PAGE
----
The Land of Papua was recently expanded into 4 new provinces, consisting of Papua, Mountain Papua, Central Papua, and South Papua provinces. The new autonomous provinces of Papua have a lot of uniqueness compared to other regions of Indonesia, particularly related to Papuan indigenous people groups. The new provinces also possessed the last resort of rainforest in Indonesia, with more than 35 million ha of forested landscapes, or cover of more than 80% of Papua Land.  As part of an Australian donor trip last March, I had a chance to travel to Jayapura Regency of Papua Province and directly observe how empowered local people develop their community-based economy.

Indigenous territory is part of the local identity of Papuans since about 90% – if not all – Indonesian side of Papua Island is indigenous territory. This indigenous territory concept is spread across administrative jurisdictions. The indigenous people's territory that has been mapped in Tanah Papua covers more than 8 million ha areas, and thus far, the national government only started recognizing the customary forest in Papua in 2022. Six customary forests in Jayapura Province have received recognition from the national government, covering areas of 25 thousand ha. 

Isyo Hills in Jayapura
Isyo Hills Bird Watching Resort in Rhepang Village, Jayapura. Photo credit: Nicholas Stacher/WRI

Recognition of indigenous territory as Hutan Adat is important, because 1) this ensures the certainty of indigenous land tenure, 2) it provides more clarity and better governance for forest and land use management, and 3) the land rights recognition will support the acceleration of local economic development.

Local economic development is crucial for the people of Papua, as Papua’s Index Development Index (HDI) is among the lowest compared to other Indonesian provinces. In 2023, the Human Development Index for both Papua and West Papua Provinces was the lowest in Indonesia and is less than the national index average.

We stayed at Isyo Hills Bird Watching Resort, located in Rhepang Muaib village, Nimbokrang District, Jayapura Regency. It is a unique traditional resort, owned by Alex Waisimon, a local Papuan who formerly lived outside Papua for more than 40 years. He established the resort in 2017, to help local people, especially young generations to change their primary livelihood in hunting bird of paradise (burung cendrawasih) and cutting the forests.

During this time, together with his family, Pak Alex has observed that logging activities have reduced. Additionally, more and more young people help as local tourist guides and work for the resort, after getting basic education in Genyem language - the local language from this district, English skills, and some capacity to identify local bird species. There are more than 7 birds of paradise species in the village. Pak Alex himself could identify more than 250 local bird species living in the surroundings of the village.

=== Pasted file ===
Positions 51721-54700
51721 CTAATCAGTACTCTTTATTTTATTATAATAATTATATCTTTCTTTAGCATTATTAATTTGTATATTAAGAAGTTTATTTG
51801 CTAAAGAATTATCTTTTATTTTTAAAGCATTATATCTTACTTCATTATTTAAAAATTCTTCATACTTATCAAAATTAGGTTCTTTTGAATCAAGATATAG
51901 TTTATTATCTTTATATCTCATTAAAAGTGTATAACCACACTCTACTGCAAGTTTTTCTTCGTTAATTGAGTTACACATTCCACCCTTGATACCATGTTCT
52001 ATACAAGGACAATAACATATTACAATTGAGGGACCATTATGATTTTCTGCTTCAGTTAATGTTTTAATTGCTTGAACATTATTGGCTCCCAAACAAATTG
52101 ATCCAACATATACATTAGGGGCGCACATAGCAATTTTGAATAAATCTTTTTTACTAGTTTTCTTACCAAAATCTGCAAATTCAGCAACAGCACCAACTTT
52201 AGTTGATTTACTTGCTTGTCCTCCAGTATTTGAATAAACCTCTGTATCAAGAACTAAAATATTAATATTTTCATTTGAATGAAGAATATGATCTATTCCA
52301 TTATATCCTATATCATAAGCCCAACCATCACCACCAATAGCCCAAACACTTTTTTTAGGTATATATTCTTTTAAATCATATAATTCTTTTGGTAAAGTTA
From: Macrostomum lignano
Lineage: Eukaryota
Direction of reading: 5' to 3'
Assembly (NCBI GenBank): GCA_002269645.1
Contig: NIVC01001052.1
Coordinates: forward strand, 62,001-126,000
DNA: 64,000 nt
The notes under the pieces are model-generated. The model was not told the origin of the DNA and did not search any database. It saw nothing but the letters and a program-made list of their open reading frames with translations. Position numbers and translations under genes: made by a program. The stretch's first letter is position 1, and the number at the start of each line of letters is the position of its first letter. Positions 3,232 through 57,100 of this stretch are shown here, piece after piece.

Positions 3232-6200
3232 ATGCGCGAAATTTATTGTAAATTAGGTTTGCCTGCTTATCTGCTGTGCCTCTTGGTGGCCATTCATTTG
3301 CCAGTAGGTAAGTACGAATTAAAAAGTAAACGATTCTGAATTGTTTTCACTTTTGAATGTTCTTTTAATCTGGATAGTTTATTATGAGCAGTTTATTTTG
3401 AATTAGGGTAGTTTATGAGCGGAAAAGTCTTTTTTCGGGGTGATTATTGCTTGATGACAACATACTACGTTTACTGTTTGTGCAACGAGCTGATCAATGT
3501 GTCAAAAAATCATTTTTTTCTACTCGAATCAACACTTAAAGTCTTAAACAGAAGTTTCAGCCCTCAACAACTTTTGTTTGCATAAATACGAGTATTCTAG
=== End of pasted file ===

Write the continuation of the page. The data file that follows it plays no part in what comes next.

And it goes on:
Empowering young people and women is highly critical for Papua to be able to improve local livelihood in a way that does not destroying the remaining forests. The Island of Papua is currently the home of over one-third of the remaining forests in Indonesia. Hence, preserving these forests is key, not only for the Papuans, but also for the Indonesian government to achieve its climate target in 2030. 

In the evening, we were served by a local jungle chef, named Charles Toto (aka Chef Cato), who has experience serving several celebrities, including the singer Mike Jagger. Chef Cato cooked using a traditional fuelwood stove and uses mostly local food ingredients to serve the resort’s guests. We were served with different types of foods, including different types of foods from sago, vegetables, and of course, stewed local wild boar.

Jungle chef cooks using traditional stove and local food ingredients in Jayapura, Papua
Jungle Chef cooks using a traditional stove and local food ingredients. Photo credit: Waraney Rawung/WRI Indonesia

The knowledge of processing local food is important, not only to help increase nutrients of local communities, but also to improve education to local people to consume healthy food. This is crucial, especially because in Papua, child stunting still becomes one of the biggest health problems, due to food malnutrients and limited knowledge of local communities to process and cook nutritious and healthy foods, especially from local food ingredients.

The next day, around 5 in the morning, we went to the jungle to see the bird of paradise. It took us about 30 minutes to reach the first bird-watching spot. There are 41 cendrawasih species in Indonesia, with 37 species living in Papua. At Isyo Hills resort, we can find up to 6 species of cendrawasih, with the most iconic one is ‘cendrawasih 12 antena’ or locally known as cendrawasih mati kawat and cendrawasih raja or king of paradise.

birdwatching in papua
Early morning at Isyo Hills forest to watch the bird of paradise (Cendrawasih). Photo credit: Waraney Rawung/WRI Indonesia

Illegal logging and wildlife hunting, particularly for the Bird of Paradise, are common issues in Papua. Pak Alex mentioned that he observed a significant reduction in both problems after the establishment of the Isyo Hills bird-watching ecolodge. This initiative also simultaneously improved the capacity of the local community, especially among young people. Some of them have changed their livelihood from unsustainable practices, such as excessive timber harvesting or wildlife hunting, to expanding new opportunities benefitting from diverse forest wildlife, and its mega-biodiverse ecosystem.

Best practices like Isyo Hills should be replicated in other Papua regions, and other forest-rich regions, to ensure that local economic development could go hand-in-hand with forest and biodiversity conservation.